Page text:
The next day we put our multi-pitch climbing approach into action on the nearby Mt Aylmer. We were up at 4am and by 6am had made our way across the glacier to the base of the mountain. We set up our first anchor and then headed across the berghshrund (a crevasse that forms where the steeper snow slopes of the mountain meet the glacier below) and up two pitches of easy climbing. The next two pitches were more challenging as the slopes got steeper and the ice harder. We made our way up on a narrow strip of ice between two rocky outcrops. The final pitch to the summit was great - gentle at first and then a small steep headwall at the end. The climb had been really valuable in better understanding rope and anchor techniques in steep snow slopes. After a short-time on the summit we headed down along a rocky ridge before abseiling off the summit formation. From here we had to navigate a crevasse and then make our way back across the glacier to the hut. We arrived back into the hut in time for a late lunch. After lunch we learned the basics of crevasse rescue in the hut.

The imposing Hochstetter Dome was our next objective. This was quite different to Mt Aylmer as it had a long classic ridge line with significantly more exposure. We were up again at 4am and made our way to the base of the ridge line. Hochstetter Dome had three different climbing elements. First, there was an exposed ridge that got progressively steeper before reaching a shark fin-like peak. Roped in pairs, the climbers would climb together but on either side of the ridge. For the last ten meters, which were the steepest, both climbers would be front-pointing and using ice axes. I climbed with Dan and took the right side of the ridge. It was physically tough, as the technique required to move along the ridge would burn specific leg and calf muscles with little chance to rest. I was exhausted and happy to make it to the top of this section.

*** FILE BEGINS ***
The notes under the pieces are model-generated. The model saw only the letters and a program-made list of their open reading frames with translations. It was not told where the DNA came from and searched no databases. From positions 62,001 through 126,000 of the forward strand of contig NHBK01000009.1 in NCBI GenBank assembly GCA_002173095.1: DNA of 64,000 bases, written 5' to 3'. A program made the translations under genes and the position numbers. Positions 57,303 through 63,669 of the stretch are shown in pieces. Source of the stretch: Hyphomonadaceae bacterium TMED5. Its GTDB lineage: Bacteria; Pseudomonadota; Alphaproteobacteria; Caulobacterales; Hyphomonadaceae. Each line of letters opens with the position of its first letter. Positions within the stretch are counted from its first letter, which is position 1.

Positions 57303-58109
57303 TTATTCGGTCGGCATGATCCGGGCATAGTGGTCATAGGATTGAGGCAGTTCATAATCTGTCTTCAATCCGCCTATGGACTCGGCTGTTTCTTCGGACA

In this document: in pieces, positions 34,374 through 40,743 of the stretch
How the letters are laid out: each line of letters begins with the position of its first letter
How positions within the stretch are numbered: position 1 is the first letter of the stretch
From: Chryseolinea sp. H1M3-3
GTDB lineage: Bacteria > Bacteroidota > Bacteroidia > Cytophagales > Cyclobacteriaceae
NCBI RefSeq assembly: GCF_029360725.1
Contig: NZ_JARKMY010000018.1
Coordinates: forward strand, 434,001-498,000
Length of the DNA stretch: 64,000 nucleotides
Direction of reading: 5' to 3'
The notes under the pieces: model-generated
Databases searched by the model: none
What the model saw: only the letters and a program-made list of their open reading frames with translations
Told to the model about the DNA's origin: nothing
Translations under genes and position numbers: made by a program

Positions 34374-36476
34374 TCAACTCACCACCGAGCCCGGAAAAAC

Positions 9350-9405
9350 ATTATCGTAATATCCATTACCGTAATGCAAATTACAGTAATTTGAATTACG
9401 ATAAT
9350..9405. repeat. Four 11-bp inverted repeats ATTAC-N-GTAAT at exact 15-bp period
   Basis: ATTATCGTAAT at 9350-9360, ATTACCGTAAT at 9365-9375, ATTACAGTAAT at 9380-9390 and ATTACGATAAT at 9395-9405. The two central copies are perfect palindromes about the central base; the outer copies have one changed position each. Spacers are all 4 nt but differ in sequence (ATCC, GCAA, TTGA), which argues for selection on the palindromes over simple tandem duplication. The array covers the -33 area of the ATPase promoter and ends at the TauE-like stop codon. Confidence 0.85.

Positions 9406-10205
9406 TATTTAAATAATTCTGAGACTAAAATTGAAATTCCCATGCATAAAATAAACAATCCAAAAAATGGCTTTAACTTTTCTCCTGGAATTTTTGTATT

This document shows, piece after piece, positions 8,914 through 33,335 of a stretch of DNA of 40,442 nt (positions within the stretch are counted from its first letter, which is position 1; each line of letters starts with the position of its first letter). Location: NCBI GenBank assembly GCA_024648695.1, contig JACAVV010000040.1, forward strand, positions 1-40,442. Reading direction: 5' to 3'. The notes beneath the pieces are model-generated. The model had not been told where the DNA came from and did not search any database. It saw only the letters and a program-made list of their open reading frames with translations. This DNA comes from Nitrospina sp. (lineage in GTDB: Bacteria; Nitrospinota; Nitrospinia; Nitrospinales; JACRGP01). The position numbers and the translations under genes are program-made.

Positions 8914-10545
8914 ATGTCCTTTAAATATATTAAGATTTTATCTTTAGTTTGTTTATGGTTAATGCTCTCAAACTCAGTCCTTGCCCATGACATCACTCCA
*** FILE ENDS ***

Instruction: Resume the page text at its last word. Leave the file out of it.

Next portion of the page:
After a short flat ridge we embarked on the second phase of the climb - a steep slope leading up to the primary summit ridge. From below, the slope looked so steep as to require anchors and pitching. However, it was deceiving and we managed to make it up the slope to the ridge without too much difficulty.

Not far from the summit, we hit the third element of the climb. We had to cross a large crevasse using a small snow bridge. We set up an anchor to make sure we were safe as the snow bridge was a bit soft in places.

We descended the same route as we had come up, although we set up anchors to protect the steeper parts of the first ridge line. After the steep descent sections we stopped for lunch - which is where Simon introduced us to his innovative sandwich, consisting of bread, tahini paste, vegetable powder and walnuts. This was only topped when he got back to the hut and added a piece of lettuce - to the outside of the sandwich.

Having successfully completed two summits in two days we rested for the afternoon before being entertained by Simon learning to prussic up a rope in the hut and Garry learning to use his new pulley devices. That evening the weather changed and a light rain fell overnight. The forecast 70km/hr winds did not eventuate, which was good given I was in a tent!